Another feature of the model is that it is rooted in a transdisciplinary perspective, for it draws on a mix of knowledge from various disciplines. According to Morin and Le Moigne (1999), to properly consider a complex subject, a transdisciplinary vision is essential in order to avoid arbitrarily breaking up the systematic and multidimensional nature of the phenomenon under study. By building on teamwork models derived from occupational and organizational psychology and on theories of organizational learning and change drawn from sociology and management, the model proposed here provides practitioners and researchers with an interdisciplinary representation that has breadth and depth and is adapted to the subject under study.

The model presented here clearly makes up for shortcomings in the literature on CoPs, a field that is still largely atheoretical. There are many evaluation studies of CoPs now under way in which it can be applied. For example, funded by the CIHR Partnerships for Health Systems Improvement Program, an evaluation of labs in five CSSSs in the Montreal area (Canada) is currently being conducted with the model (reference withheld to preserve the blind review process). Based on a multiple-case study design, the evaluation seeks to assess the implementation of the labs, analyze the effects on the participants and the organization, and identify the processes that generate these impacts. Included in the methodology are quantitative and qualitative strategies that will allow the testing of specific hypotheses related to specific parts of the model as well as validating the general theoretical formulation through the case study analytical approach. This study, which will use quantitative and qualitative strategies to assess specific parts of the model and validate the general theoretical formulation, will help significantly in advancing our knowledge of CoPs. It will also provide decision-makers with invaluable insights into how CoPs work, including the outcomes that can be reasonably expected and the organizational conditions required to help reach them (e.g., optimal mix of participants or supporting information systems).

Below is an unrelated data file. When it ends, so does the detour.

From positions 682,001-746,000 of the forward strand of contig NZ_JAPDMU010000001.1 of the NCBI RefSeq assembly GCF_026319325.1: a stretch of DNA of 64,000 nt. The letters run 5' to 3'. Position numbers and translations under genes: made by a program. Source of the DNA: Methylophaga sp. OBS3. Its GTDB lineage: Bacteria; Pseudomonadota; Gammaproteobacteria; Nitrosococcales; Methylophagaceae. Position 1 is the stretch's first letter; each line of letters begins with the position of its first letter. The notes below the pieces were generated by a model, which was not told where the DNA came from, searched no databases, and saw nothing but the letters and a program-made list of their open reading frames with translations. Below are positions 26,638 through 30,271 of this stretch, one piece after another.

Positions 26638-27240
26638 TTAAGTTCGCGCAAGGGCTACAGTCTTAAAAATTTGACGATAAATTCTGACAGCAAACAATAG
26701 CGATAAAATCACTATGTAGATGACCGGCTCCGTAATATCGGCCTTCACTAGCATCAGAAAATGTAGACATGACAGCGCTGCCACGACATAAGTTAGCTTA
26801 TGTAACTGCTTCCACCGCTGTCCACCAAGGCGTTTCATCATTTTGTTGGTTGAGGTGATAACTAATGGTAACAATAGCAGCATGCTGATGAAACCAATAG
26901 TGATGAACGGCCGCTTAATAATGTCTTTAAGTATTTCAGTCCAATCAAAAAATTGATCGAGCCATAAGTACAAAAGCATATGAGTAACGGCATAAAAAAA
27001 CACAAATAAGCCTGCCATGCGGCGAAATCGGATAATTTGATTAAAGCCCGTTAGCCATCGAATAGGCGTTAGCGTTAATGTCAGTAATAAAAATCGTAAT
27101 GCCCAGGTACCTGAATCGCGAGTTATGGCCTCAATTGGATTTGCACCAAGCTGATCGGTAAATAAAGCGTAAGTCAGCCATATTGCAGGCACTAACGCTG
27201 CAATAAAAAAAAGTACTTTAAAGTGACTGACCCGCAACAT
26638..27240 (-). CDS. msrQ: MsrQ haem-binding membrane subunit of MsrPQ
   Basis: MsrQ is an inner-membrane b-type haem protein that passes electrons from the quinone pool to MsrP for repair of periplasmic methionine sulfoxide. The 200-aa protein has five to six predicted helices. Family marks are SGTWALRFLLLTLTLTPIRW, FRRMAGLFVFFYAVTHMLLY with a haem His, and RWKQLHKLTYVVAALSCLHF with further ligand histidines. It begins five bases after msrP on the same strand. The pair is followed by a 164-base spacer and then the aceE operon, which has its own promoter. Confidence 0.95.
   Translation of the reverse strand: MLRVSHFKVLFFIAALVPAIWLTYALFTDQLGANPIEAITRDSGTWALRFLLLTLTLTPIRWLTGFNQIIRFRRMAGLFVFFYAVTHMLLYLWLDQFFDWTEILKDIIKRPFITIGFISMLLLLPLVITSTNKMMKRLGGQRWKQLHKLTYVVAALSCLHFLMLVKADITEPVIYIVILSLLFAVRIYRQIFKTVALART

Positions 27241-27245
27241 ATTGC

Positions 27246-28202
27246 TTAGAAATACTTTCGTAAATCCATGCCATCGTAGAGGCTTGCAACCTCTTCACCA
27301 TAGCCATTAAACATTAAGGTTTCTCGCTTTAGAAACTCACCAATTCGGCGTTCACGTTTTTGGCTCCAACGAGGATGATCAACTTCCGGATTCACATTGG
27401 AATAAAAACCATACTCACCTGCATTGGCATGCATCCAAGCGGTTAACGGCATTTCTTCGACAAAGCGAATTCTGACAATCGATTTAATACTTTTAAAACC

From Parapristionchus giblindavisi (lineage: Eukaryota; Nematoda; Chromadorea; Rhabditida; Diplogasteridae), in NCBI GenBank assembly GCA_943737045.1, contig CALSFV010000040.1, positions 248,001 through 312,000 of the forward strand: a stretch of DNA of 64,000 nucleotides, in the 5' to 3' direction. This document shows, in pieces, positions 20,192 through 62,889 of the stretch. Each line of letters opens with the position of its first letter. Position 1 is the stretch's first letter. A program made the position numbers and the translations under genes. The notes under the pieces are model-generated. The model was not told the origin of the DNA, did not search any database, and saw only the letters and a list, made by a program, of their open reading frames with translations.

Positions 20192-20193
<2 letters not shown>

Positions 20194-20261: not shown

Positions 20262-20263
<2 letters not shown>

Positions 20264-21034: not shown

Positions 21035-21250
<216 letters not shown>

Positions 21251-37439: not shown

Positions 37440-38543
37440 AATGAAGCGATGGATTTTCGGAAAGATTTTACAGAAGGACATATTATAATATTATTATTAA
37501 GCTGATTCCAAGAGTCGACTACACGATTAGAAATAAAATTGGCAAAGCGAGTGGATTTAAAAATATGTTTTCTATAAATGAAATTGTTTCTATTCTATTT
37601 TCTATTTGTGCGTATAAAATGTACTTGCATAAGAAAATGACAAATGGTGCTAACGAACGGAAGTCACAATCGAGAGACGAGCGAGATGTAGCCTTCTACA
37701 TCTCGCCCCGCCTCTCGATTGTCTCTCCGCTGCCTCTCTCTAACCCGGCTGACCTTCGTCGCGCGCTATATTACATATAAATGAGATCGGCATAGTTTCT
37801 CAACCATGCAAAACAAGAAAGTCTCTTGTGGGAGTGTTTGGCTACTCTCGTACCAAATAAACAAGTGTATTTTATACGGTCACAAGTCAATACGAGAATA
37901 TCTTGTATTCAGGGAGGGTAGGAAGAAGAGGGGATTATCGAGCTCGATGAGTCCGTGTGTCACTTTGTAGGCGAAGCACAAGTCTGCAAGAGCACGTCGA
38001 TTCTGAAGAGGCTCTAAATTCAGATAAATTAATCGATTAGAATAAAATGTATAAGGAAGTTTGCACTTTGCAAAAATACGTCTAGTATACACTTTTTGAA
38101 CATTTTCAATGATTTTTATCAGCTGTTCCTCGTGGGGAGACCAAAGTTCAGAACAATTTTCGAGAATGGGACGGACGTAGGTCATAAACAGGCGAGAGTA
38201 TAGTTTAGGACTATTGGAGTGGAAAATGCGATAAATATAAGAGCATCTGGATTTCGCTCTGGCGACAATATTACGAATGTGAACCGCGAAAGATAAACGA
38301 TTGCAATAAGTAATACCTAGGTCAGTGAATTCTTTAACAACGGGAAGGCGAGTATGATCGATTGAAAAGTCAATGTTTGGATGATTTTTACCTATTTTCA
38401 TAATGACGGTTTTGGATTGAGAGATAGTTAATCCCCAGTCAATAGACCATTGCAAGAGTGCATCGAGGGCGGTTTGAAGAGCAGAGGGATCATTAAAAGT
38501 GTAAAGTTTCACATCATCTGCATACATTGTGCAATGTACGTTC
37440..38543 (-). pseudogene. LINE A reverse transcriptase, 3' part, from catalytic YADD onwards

Conclusion

Health Promotion Laboratories are an innovative professional development intervention that shares many features with the CoP model. Ongoing evaluation of this intervention will provide additional insight into its impact.

 


 

La communauté de pratique à titre de stratégie de développement organisationnel et professionnel dans les centres de santé et de services sociaux au Québec, Canada: un modèle d'évaluation

Résumé